The modern oil age started in earnest just over a century ago when the Royal Navy switched from coal-fired ships to oil-fired. That was followed by the switch in agriculture in the 1920s from using horses to plough and harvest to using tractors that ran oil petrol or kerosene. Before that 20% of a farm’s output went to feeding the draught animals as well as all the work in looking after them.
Luckily a lot of oil was found at the same time. In fact there was an abundance of oil from the discovery of the giant East Texas oilfield in 1930. The Texas Railroad Commission was given control of oil production in Texas in an attempt to restrict production and keep the price up. Then even more oil was found in the Middle East and Western Siberia, with the discovery rate peaking in the 1950s. That was over sixty years ago now and the discovery rate is now a fraction of what the world produces annually.
In the words of BHP Billiton’s petroleum chief, Tim Cutt, quoted on 19th May, 2015, in the last two decades world oil the industry has been finding less than half the amount it has consumed each year. Current consumption is running at over 30 billion barrels on an annual basis. In the past four years discoveries were less than 10 billion barrels per year and in 2014 they amounted to less than six billion barrels. That is only a fifth of current consumption.
The oil price has responded to the tightening supply with the price rising from June 2004. Non-OPEC, non-US oil supply peaked in that year and has not been higher since.
Australia’s geology has been kind to us with respect to coal and iron ore in particular. But our geology is generally unfavourable for oil. Australia is about the same size as the lower 48 states of the United States but was endowed with only one fiftieth of the amount of recoverable oil. The only part of the country that could still yet host oil fields large enough to shift the needle is the Canning Basin in northern Western Australia. Finds there would be a useful addition but not cure the long term problem.
Back in the 1960s, there plenty of fresh memories of WW2 and rationing, particularly fuel rationing and shortages. Oil was understood to be a strategic mineral and that Australia was at risk because just about all of our oil supply was imported. So, at the time, the Federal government subsidised oil exploration – both seismic and drilling. And when the first large oilfields were found in the country, in Bass Strait, they weren’t commercial to develop because they couldn’t compete with oil from the Middle East at US$4 per barrel. So Australian motorists paid a premium for petrol to pass through a subsidy to Esso and BHP for their oil from Bass Strait. As a result, we fared a lot better during the oil supply disruptions of the 1973 Yom Kippur War than we would have otherwise done.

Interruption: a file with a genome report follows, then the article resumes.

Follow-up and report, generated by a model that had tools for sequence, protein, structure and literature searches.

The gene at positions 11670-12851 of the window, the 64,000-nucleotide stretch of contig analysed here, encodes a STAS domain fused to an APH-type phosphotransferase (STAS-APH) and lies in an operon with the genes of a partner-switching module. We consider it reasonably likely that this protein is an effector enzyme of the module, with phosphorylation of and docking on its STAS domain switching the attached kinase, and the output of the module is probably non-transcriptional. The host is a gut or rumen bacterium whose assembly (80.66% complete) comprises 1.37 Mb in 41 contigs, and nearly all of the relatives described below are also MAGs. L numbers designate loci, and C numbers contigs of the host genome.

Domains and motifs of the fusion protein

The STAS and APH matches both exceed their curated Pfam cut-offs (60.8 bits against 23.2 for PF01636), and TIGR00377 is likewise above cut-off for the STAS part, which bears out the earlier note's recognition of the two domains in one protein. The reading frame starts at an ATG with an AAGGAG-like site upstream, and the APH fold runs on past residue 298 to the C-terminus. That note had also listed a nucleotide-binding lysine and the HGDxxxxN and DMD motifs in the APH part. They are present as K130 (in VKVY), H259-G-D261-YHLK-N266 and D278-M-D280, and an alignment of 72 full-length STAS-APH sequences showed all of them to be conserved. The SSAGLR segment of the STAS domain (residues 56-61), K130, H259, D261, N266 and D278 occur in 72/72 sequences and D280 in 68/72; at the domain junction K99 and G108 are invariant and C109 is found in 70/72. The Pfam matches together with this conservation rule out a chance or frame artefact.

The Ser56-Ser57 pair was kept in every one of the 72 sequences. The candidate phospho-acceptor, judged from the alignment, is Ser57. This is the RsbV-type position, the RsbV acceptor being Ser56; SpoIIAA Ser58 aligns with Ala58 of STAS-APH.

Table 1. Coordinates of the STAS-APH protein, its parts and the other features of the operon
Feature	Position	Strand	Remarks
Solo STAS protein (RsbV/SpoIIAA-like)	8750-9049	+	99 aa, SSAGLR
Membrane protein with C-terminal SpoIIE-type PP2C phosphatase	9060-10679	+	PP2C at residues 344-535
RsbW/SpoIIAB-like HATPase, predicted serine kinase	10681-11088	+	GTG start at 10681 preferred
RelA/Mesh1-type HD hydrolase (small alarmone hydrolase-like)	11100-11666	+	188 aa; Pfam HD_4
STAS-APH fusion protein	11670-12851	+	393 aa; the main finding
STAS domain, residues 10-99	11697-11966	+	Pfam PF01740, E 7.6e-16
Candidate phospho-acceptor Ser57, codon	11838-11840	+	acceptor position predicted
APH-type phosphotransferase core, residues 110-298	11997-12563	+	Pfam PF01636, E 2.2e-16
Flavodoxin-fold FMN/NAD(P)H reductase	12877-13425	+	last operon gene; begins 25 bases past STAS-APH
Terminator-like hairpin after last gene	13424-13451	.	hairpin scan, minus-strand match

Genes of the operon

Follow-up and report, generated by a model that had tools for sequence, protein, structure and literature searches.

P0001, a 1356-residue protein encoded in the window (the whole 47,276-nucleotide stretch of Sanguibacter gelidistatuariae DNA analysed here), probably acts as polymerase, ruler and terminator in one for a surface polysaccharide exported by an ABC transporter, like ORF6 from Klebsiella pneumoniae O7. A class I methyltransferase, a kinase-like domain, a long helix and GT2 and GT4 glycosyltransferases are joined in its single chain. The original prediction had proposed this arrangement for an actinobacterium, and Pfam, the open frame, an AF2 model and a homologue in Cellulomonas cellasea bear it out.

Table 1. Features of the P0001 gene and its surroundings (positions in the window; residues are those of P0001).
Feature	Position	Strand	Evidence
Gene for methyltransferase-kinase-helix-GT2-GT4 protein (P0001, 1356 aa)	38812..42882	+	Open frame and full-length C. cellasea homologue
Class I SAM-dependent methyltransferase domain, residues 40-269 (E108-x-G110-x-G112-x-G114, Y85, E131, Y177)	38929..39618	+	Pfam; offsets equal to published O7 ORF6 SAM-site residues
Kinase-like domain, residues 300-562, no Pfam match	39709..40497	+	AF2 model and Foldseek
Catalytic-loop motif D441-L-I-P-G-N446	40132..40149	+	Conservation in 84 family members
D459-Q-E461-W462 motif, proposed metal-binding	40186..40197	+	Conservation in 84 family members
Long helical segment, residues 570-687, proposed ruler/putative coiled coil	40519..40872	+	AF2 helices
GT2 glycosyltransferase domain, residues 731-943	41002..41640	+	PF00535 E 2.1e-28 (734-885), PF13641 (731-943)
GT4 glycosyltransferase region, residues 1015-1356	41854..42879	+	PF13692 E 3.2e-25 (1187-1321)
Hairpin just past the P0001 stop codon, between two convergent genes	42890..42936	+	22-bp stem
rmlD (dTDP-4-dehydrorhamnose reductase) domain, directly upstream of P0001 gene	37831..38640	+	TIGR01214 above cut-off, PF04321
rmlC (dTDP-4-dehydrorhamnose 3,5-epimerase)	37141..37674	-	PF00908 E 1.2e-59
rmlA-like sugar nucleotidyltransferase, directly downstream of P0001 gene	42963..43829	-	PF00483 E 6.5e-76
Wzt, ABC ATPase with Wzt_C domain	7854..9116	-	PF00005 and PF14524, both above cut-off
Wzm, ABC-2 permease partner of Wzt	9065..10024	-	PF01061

Those Bass Strait discoveries were the start of 40 years of abundance during which Australia was largely self-sufficient in oil. That happy time ended in 2000 and our oil production has been falling away since. Similarly, we used to refine all the oil we consumed ourselves. Of the eight refineries that performed that task, the first closed in 2003 and it has been recently followed by three more to leave four – one in Queensland, none in the biggest market of New South Wales, two in Victoria and one in Western Australia.
Australia is now in the parlous position of importing 90% of its transport fuel requirements. Even if we were able to produce all the oil we needed, we wouldn’t be able to refine it.
At the same time, the geopolitical situation is deteriorating with ongoing wars in the Middle East the prospect of a major war involving Asian countries that provide the bulk of our imported refined products.
There is a solution to Australia’s liquid fuel security problem and it is a very good one. The solution is to use coal-to-liquids (CTL) technology to convert the low-grade portion of our substantial coal reserves into liquid fuels to keep farms, factories and food distribution systems operating.
The CTL solution can fill all of the gap from our conventional oil production, is not constrained by biological inputs, can produce the entire range of fuels and chemicals needed with supply security enhanced by plants distributed around the country. It will back out approximately $40 billion of annual fuel imports and provide a major boost the economy and welfare of all Australians.